The newest Marvel superhero movie, Black Panther, has already smashed advance ticket sales and received rave reviews from critics.
Black Panther is a stunning movie, full of great action sequences and social commentary, but its release is also significant for another reason.
“This is the type of movie I have wanted to see my whole life,” said Chadwick Boseman, He is making history as Black Panther, the first black superhero lead in the Marvel cinematic universe.
Starring a predominately black cast, Black Panther is the story of an African king who does double duty as a crime fighter.
“This is a film that really has the potential to shift popular culture,” said Lupita Nyong’o
It already has. When students at Ron Clark Academy Academy in Atlanta found out they were all going to see the movie, they erupted with joy in a video that went viral.
“I didn't realize how much my inner child had wanted this,” said Daniel Kaluuya. “It is such an amazing moment that we won't even see the impact for years to come.”
At the world premiere in January, the audience responded with emotion and a standing ovation.
“I have seen black women in tears because they are seeing themselves represented in a way that has never happened before,” said Boseman.
Introduced to Marvel comics in 1966, months before The Black Panther Party got its name, Black Panther is the alter ego of T'Challa, the king of Wakanda, the most advanced --and most secretive --nation in the world. But he soon faces a challenger in Michael B Jordan's character, Oakland raised Eric Killmonger.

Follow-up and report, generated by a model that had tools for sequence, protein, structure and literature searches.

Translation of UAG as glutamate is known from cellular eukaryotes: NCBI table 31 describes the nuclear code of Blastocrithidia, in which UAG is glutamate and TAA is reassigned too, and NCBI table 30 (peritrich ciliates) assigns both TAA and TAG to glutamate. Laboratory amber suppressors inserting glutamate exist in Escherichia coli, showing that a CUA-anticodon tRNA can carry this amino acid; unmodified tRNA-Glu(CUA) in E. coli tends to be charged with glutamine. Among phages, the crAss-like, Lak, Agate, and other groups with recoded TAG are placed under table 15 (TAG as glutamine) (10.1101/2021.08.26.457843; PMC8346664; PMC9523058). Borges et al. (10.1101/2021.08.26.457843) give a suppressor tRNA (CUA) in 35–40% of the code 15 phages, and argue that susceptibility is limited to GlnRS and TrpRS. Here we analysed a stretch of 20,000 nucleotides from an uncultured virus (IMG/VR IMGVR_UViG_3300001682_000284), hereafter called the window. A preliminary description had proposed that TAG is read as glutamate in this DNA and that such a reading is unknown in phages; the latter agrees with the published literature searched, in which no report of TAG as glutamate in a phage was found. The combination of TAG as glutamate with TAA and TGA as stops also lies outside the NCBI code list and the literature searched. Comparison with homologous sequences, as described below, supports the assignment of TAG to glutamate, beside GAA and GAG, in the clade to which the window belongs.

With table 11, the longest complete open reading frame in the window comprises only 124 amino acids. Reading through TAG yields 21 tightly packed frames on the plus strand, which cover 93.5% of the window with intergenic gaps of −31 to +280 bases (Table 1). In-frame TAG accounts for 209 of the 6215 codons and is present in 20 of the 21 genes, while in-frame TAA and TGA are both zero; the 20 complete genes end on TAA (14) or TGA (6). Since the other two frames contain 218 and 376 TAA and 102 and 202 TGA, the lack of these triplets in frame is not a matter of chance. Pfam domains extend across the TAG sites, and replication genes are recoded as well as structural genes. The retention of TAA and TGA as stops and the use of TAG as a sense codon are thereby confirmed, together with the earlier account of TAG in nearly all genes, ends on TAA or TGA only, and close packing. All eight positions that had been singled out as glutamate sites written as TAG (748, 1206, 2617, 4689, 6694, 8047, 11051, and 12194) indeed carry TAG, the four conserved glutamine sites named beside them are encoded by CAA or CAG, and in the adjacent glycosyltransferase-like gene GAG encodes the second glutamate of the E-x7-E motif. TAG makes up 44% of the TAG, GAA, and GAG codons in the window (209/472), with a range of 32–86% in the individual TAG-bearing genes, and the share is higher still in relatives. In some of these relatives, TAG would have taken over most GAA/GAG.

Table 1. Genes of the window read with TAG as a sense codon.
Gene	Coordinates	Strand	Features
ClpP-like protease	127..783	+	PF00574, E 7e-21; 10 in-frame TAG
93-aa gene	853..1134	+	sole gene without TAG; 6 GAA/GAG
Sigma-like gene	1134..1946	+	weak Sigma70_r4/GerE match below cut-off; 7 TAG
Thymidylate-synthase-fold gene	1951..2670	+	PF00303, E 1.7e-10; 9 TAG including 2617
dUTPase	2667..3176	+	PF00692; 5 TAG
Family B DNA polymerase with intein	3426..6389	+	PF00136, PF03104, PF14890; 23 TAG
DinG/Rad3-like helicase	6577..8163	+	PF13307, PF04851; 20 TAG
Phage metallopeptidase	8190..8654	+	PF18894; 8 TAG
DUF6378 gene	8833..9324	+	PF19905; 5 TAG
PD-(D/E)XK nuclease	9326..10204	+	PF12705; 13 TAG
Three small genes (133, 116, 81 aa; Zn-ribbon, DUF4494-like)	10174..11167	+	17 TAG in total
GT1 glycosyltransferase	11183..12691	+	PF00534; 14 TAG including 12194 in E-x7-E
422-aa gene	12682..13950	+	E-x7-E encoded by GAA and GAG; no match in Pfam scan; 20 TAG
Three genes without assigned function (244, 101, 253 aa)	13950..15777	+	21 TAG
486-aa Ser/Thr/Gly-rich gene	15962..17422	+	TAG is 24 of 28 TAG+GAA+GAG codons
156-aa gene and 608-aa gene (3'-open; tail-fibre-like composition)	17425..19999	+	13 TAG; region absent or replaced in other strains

“For Eric, growing up in systemic oppression had a huge impact on his rage and his ambitions,” said Jordan.
Director and co-writer Ryan Coogler, also an Oakland native, visited Africa to take a deep dive into the Continent's history and culture.
“For me it was a personal exploration of what it means to be African,” he said.
Now moviegoers will be able to immerse themselves in a world of kings, queens, and warriors.
“It's very heartwarming to think that people will come to know Africa more specifically,” said Nyong’o who was raised in Kenya. “Wakanda is an aspirational African nation that everyone really wants to visit and really is borrowed from real things on the continent.”
Warrior Falls, the site of an important ritual in the film, is based on a real canyon in South Africa. It was rebuilt in Atlanta for scenes where a hundred costumed extras stood for weeks under a bright sun.
“Some of them were getting sick. It was winter in Atlanta. The sun was bouncing off the water, reflecting in their eyes, but they kept coming back because they knew they were witnessing a rite of passage that felt real,” said Boseman.
That's the kind of commitment Forest Whitaker witnessed from everyone involved in the movie.
"Everybody was so immersed in the whole process. Everybody was giving 110%," he said.
Black Panther is a movie that promises to make its mark both at the box office and in cinematic history.
Black Panther opens Friday, February 16.
Travel and accommodations paid for by Walt Disney Pictures.
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